The WIN-R study offers a significant contribution to the literature with its findings from the subanalysis of African American patients. This subanalysis reports the results of 362 African American patients with genotype 1 HCV treated for 48 weeks with peginterferon alfa-2b 1.5 μg/kg and either a daily FD or “true” WBD of ribavirin per protocol. In this cohort of patients, “true” WBD of ribavirin in combination with peginterferon alfa-2b was significantly better than FD of ribavirin (21% versus 10%, P = 0.04). This trial enrolled the largest number of African American patients to date, and has allowed more meaningful assessments of antiviral therapy in this population. Despite the large number of African American patients enrolled, the investigators admit that their conclusions were a result of a subanalysis that was not powered for statistical significance. Still, many of their insights deserve a thoughtful discussion.
The authors of the WIN-R study compare the landmark study of Hadziyannis et al.3 to their own and note that the greater relative difference in SVR seen between the FD and “true” WBD groups in their study suggests that “true” WBD is superior to the “standard” WBD that patients received in the Hadziyannis trial. The Hadziyannis trial randomized patients to receive peginterferon alfa-2a at 180 μg/week and either a FD of ribavirin or a “standard” WBD of ribavirin. SVR was seen in 52% of genotype 1 patients receiving “standard” WBD ribavirin versus 41% of patients receiving a FD of ribavirin (odds ratio of 1.55 [1.14-2.10]; P = 0.005). In this subanalysis of WIN-R, SVR was reported in 34% of genotype 1 patients receiving “true” WBD ribavirin versus 29% receiving a FD of ribavirin (P = 0.004). The comparison of these 2 trials should be viewed with caution because the Hadziyannis trial was statistically powered to detect the difference seen, and this WIN-R subanalysis was not. Furthermore, criteria for dose reductions and growth factor use were more restrictive in the Hadziyannis trial than in the WIN-R. Several limitations of the current study are disclosed, including a high patient dropout rate and missing data (only 56.3% of African American patients had 24-week follow-up data), making a comparative analysis difficult.
One of the main concerns addressed by the investigators was the low SVRs achieved, because the SVR seen in this subanalysis is not as robust as that seen in other similar trials.4–6 The Vira-hep C trial4 similarly enrolled 196 African American patients and 202 Caucasian patients to determine if there was a difference in response to peginterferon alfa-2a and “standard” WBD of ribavirin. Accordingly, these patients never received a dosage of ribavirin greater than 1200 mg/day. Despite the lower dosage, African American patients in the Vira-hep C trial treated for 48 weeks achieved an SVR of 28% as compared to 21% in the “true” WBD arm of the WIN-R subanalysis (P < 0.0001). Also, growth factors were not permitted in the Vira-hep study. It is plausible that the high drop-out rate and missing data in WIN-R contributed to the suboptimal response rates.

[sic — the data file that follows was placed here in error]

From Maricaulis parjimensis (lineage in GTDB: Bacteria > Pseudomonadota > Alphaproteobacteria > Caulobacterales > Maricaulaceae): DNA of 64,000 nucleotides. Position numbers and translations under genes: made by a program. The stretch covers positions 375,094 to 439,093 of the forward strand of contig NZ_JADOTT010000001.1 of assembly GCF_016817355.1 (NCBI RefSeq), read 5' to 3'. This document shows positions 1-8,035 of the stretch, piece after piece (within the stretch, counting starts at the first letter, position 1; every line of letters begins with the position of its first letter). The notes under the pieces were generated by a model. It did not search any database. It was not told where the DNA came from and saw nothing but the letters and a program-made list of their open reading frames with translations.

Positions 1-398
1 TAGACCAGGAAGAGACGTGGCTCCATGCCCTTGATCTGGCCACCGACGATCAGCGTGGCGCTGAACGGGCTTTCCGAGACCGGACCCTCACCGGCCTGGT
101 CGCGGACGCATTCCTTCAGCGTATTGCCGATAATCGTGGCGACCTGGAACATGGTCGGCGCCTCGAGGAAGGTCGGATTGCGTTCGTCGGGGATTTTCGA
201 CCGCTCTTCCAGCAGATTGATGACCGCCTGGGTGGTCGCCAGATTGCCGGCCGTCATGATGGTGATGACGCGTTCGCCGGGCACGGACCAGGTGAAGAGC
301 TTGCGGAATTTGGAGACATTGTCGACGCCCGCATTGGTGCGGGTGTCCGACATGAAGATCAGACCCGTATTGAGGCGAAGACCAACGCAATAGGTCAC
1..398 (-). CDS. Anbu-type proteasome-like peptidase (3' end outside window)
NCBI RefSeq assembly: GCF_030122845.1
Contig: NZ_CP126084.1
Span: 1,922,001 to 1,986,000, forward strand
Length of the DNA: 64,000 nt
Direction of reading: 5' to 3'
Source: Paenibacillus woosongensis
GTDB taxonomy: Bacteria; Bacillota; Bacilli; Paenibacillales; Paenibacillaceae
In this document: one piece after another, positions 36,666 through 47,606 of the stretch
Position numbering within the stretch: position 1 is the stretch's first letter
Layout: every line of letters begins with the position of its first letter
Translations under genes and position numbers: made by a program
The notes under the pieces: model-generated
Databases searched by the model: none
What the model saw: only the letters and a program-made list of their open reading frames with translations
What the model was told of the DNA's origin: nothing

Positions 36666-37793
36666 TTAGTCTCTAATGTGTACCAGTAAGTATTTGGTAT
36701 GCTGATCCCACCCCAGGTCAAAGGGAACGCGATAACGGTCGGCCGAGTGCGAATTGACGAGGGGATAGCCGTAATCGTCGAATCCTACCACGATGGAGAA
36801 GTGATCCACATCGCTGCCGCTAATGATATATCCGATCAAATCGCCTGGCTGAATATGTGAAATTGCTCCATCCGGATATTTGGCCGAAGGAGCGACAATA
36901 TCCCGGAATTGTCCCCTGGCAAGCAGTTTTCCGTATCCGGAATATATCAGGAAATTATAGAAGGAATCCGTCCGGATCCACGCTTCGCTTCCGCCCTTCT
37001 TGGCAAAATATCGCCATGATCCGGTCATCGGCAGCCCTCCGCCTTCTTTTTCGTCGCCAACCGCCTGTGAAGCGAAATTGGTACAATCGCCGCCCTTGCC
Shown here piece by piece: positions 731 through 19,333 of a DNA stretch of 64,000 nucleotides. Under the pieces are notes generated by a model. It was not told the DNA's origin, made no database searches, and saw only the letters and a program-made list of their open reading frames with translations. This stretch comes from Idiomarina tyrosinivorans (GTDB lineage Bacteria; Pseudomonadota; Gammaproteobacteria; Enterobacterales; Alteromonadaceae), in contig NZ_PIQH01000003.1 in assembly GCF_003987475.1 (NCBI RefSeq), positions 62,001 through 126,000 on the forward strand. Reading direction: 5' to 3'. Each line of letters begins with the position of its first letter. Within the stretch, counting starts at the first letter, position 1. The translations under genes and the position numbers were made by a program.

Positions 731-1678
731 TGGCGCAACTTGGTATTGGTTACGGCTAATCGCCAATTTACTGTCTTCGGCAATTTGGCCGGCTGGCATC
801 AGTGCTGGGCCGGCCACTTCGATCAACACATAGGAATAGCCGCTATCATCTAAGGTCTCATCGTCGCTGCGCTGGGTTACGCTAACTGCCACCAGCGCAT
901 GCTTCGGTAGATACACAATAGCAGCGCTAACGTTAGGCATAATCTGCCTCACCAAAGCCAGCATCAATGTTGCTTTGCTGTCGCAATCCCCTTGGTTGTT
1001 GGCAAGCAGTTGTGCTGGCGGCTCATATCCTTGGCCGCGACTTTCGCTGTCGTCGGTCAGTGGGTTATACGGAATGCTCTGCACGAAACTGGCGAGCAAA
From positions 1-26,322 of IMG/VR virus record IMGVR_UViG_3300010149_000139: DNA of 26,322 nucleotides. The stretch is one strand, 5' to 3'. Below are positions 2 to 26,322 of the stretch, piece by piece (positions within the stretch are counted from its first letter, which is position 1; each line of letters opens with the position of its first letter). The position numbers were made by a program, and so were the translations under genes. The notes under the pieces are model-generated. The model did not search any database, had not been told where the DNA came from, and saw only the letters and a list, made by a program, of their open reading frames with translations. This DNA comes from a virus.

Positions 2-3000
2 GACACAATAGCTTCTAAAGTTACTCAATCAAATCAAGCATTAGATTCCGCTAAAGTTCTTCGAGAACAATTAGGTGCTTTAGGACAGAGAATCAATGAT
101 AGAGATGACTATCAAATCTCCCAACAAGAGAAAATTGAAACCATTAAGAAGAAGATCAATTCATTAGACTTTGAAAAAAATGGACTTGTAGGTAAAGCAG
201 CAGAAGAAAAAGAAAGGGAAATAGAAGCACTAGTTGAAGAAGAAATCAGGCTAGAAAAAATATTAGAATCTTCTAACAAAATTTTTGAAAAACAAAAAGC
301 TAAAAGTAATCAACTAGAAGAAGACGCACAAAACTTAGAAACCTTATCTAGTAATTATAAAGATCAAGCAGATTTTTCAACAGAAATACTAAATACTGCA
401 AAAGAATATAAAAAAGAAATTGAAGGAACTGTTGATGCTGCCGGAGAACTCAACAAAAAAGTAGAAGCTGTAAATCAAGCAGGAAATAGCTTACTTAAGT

The most puzzling finding in this WIN-R African American subanalysis is the independent finding that SVR increased as body weight increased in the “true” WBD arm. This is counterintuitive given that the dosing protocol was designed to insure that patients in the “true” WBD arm receive equivalent amounts of ribavirin adjusted for weight. Indeed, the authors are unable to explain this finding. Further study is required to investigate this finding in order to determine if this is indeed a clinically significant observation or a finding attributable to chance.
The WIN-R study represents the largest trial to date designed to assess virologic response to combination therapy for chronic HCV and is distinctive because it was a U.S.-based trial that sought to alleviate geography and body weight as confounders. WIN-R adds significantly to our understanding of interferon therapy in African American patients: (1) This study enrolled the largest number of African American patients into an interferon study to date, and (2) it is the first large study to investigate “true” WBD of ribavirin in African American patients with chronic HCV. Despite our lack of confidence in secondary analysis, important information can be derived from this African American substudy and future studies that are inspired by this trial. The WIN-R subanalysis of African American patients may not have the power to detect its statistical goal, but it does have the power to change the way we think about ribavirin dosing in African Americans, who will benefit from the awareness derived herein and its translation into more vigilant care of this difficult-to-treat population. Ultimately, however, the larger question still looms: Is “true” WBD of ribavirin superior to the currently approved “standard” WBD of ribavirin? Though the definitive answer still requires a prospective, randomized, controlled trial, the results of WIN-R are compelling. At least the traditional notion that ribavirin dosage should be fixed has now been sidelined by the idea that we should tailor ribavirin dosing to our patients.